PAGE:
By Emma Smith
Underachievement at school is likely one of the such a lot widely-used phrases in schooling this day. As a discourse, it's been chargeable for influencing govt coverage, staffroom discussions, in addition to the pages of educational journals and the TES. it's also an issue that increases questions about what we think from a good and equitable schooling method. This publication presents a severe research of 2 facets of the underachievement debate, at all the 3 degrees of concentration - overseas, the united kingdom, and the person. at the one hand, it considers the 'crisis account' of falling criteria and failing students and, at the different, current another account, which urges a re-examination of the underachievement debate so one can think about who will be underachieving and why.
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Extra info for Analysing Underachievement In Schools (Empirical Studies in Education)
In fact, the level of criticism directed at SER is surprising. SER has been described variously as something akin to a ‘cult’ where ‘one either buys the approach or one doesn’t’ (Vaill 1991, 64, quoted in Ouston 1999, 1); as having a ‘social Darwinist eugenic rationale’ RECONSIDERING THE ‘FAILING NATION’ DEBATES 39 (Hamilton 1997, 129), and as being an ‘ethnocentric pseudo-science’ (Hamilton 1997, 125). School eﬀectiveness work has estimated that national systems, school sectors, schools, departments and teachers combined have been found to explain approximately 20 per cent of the total variance in school outcomes (Gorard and Smith 2004).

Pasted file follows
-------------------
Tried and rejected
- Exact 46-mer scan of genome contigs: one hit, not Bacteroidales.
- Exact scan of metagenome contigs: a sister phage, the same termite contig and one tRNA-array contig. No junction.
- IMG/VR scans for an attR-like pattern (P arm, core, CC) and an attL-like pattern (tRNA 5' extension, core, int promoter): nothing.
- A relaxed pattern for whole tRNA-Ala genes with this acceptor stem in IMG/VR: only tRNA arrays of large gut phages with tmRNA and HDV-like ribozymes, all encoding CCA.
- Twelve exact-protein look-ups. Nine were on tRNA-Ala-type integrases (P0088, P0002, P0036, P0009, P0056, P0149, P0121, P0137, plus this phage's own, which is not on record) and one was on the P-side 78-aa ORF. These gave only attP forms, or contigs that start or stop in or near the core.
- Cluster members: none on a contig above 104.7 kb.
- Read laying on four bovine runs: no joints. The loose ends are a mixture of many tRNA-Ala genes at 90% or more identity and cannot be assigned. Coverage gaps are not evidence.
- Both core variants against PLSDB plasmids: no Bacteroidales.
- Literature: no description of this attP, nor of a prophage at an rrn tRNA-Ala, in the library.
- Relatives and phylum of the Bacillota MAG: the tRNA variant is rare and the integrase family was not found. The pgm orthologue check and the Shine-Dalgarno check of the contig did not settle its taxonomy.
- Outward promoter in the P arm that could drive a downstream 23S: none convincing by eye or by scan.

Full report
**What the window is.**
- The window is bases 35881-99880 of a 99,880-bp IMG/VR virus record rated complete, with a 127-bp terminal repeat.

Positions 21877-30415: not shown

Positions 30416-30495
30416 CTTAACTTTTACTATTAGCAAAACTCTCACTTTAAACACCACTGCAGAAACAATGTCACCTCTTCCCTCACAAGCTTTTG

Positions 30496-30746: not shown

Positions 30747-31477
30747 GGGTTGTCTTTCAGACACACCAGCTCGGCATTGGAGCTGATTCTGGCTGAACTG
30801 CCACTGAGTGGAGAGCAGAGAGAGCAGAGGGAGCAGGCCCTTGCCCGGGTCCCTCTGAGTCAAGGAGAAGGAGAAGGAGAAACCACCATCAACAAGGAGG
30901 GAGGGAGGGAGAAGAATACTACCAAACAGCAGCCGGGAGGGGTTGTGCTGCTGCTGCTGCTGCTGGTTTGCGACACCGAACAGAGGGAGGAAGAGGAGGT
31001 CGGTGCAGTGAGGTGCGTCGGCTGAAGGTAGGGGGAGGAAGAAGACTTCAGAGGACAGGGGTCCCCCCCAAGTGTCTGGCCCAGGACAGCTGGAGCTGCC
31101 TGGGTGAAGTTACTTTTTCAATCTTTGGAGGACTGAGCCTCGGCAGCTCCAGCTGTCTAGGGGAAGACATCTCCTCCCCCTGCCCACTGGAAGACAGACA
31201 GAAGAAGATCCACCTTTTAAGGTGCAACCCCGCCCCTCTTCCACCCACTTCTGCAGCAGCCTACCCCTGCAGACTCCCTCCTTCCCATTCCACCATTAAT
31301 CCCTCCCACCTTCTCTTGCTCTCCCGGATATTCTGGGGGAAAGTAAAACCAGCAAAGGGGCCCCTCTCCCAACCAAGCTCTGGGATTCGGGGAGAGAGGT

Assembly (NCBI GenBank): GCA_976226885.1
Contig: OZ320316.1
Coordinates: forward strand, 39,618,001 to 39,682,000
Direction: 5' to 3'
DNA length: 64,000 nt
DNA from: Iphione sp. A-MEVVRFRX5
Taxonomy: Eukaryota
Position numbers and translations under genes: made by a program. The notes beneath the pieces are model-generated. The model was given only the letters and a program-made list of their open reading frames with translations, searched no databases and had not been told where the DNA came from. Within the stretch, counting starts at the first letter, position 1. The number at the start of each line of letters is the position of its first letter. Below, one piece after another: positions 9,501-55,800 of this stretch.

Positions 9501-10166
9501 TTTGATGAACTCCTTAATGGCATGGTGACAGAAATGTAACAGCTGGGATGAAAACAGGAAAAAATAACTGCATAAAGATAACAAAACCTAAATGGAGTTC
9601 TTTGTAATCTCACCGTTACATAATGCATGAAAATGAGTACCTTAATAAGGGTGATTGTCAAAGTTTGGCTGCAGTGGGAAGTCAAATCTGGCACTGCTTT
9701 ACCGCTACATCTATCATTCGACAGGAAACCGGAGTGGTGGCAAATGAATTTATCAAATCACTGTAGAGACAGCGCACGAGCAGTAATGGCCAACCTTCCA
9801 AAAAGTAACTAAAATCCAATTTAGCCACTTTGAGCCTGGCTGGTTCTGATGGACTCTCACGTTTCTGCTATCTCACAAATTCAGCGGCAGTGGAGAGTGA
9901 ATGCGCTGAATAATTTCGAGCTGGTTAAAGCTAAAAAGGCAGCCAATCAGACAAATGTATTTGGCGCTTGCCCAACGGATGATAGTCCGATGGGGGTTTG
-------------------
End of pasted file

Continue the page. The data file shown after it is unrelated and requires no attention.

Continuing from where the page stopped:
The National Assessment of Educational Progress (NAEP) is another large-scale national test that is used to monitor achievement trends in the United States. Also known as ‘the Nation’s Report Card’, NAEP has been administered annually to a randomly selected sample of students aged 9, 11 and 17 since 1969. In 2003, around 10 per cent of 9 and 11year-old students took part in the tests. Subjects assessed include reading, mathematics, science, US history, geography and the arts. The results are disaggregated for diﬀerent sub-groups of students, and have been available at state level since 2000 (NCES 2003).
Perspective we saw in Chapter 2. As LeTendre and other experts on the Japanese education system contend, cross-national comparisons, as demonstrated by US interest in Japan, are anything but straightforward: ‘the debate over international tests scores has acerbated RECONSIDERING THE ‘FAILING NATION’ DEBATES 31 the tendency to use educational data from Japan, divorced from its cultural context, to make arguments about schooling practise in the US’ (LeTendre 1999, 22). This chapter reconsiders the underachievement debate as it applies to the relative performance of national school systems and the ‘crisis account’ of falling standards that often emerges from the publication of international league tables.